The Future of Chronic Pain Management

chronic pain

Chronic pain is one of the leading causes of disability in the United States. Unlike pain from cutting your finger or pulling a muscle, chronic pain is a debilitating condition in which pain lasts for three months or more. This type of pain impairs function, distorts the nervous system, migrates to other areas of the body, and decreases a person’s overall quality of life. Over the past 15 years, opioid painkillers have been on the front lines of treatment for chronic pain in the United States. Unfortunately, unintentional overdoses have been a consequence of relaxed limitations on prescribing opioids for pain. This number has become so high that overdose deaths outnumber deaths from guns and car accidents combined. 

The attention that opioid use has garnered has made physicians and policymakers rethink the practice of treating chronic pain with opioids. It has also brought to the forefront that opioids are not a solution to long-term chronic pain. Not only are opioids highly addictive, but when taken over a long period of time, they may actually make chronic pain worse. This occurs because the brain can increase pain signals to try to override the medication’s block. Once tolerance forms, a higher dose is usually prescribed or a switch to a more potent opiate is needed. Long-term use can also lead to heart problems, endocrine issues, and the many symptoms associated with withdrawal from dependency.

Rise of Chronic Pain

The opioid epidemic has also led doctors to recognize that the prevalence of chronic pain is on the rise. It is unclear if more people are actually in pain or if doctors are just willing to talk to their patients about it. Some theories that might explain an actual rise in numbers are an aging population, an increase in obesity, and chronic pain post-surgery.

With advances in medical treatments, people are living much longer lives, and, right now, we are seeing the baby boomers enter their 70’s. This accounts for a significant population, and many of these individuals are beginning to experience arthritis, spinal pain, obesity, surgical operations, and cancer.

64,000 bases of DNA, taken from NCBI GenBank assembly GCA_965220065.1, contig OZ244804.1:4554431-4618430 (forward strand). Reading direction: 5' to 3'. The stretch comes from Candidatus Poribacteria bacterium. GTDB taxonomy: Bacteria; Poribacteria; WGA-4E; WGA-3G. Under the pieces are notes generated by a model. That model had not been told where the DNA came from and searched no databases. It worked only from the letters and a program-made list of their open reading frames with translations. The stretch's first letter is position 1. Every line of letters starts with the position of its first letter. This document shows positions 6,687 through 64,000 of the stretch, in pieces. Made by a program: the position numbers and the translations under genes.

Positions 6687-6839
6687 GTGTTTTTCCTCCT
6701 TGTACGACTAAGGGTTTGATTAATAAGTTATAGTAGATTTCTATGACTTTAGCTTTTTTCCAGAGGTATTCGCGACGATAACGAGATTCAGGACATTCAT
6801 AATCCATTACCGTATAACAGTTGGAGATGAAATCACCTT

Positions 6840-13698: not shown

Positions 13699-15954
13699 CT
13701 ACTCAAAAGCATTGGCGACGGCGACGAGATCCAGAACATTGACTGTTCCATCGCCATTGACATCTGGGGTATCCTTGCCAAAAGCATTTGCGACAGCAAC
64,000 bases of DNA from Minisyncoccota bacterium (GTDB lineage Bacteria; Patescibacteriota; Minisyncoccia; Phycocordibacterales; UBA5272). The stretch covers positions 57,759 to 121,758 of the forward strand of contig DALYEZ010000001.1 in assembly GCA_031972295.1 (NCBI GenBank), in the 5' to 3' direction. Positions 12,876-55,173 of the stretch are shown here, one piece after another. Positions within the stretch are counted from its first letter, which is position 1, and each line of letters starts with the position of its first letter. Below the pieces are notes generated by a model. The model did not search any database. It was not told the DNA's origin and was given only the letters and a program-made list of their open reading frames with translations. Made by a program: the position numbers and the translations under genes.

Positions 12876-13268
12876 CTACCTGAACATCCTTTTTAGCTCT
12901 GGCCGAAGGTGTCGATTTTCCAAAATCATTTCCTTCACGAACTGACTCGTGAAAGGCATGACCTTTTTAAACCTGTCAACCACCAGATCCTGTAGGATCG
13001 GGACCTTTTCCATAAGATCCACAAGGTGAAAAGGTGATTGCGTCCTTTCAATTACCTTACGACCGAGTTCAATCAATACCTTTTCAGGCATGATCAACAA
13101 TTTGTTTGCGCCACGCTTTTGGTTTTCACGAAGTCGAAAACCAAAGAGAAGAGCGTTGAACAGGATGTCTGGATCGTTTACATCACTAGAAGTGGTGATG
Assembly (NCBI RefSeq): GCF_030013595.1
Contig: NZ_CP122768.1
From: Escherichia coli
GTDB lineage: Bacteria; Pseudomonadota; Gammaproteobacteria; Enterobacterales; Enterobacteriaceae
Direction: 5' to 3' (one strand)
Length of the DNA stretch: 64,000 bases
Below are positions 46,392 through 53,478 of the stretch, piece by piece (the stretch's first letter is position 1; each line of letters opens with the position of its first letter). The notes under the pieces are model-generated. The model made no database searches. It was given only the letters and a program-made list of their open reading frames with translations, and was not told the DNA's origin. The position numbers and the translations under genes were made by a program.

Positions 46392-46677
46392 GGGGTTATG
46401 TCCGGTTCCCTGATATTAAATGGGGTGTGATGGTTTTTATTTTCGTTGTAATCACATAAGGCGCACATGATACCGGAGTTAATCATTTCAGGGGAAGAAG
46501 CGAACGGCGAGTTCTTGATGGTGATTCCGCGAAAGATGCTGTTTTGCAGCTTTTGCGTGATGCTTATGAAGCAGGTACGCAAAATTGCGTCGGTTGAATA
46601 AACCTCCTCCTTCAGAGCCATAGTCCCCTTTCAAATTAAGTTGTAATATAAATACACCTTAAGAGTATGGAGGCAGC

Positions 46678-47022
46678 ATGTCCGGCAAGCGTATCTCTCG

One of the leading factors of chronic pain in obese individuals is heavy weight on the joints and spine. Those who suffer from obesity, as a result, tend to experience pain from arthritis and in the lower back. Obesity is also tied to diabetes where individuals can develop peripheral neuropathy.

Lastly, the problem of post-surgery chronic pain has been recognized recently as being on the rise. Those who suffer from this type of chronic pain usually experience it after relatively minor surgeries, such as a C-section. It is projected that this number will continue to increase as the number of operations continues to increase on a yearly basis.

Taking a Preventative Approach to Chronic Pain

With Americans consuming nearly one-third of the global supply of opioids, it might be time to take a look at a different approach to managing pain. This needs to start with mitigating risk factors and promoting optimum health before things fall apart. An emphasis on a healthy lifestyle such as exercise and improving sleep will go a long way. If there is a need for pain management there are several strategies that can be employed to provide better pain care. This involves moving away from opioid-centric treatments; improving patients’ self-management strategies to include access to care that does not solely depend on prescription medications, and encouraging the evaluation of risks and benefits of pain treatment regimens.

Is Ketamine a Solution for Chronic Pain Management?

Ketamine infusions have rapidly become a top choice for chronic pain management. One of the World Health Organization’s (WHO) essential medications, ketamine has been used as a highly effective analgesic in emergency situations for years. Over the past few decades, researchers have discovered that ketamine causes long-lasting changes in the brain that can minimize chronic pain for up to 11-months at a time. Unlike its opiate counterparts, ketamine is not addictive—and because it is only administered in a clinical environment under close supervision, there is very little risk of this drug getting into the wrong hands.

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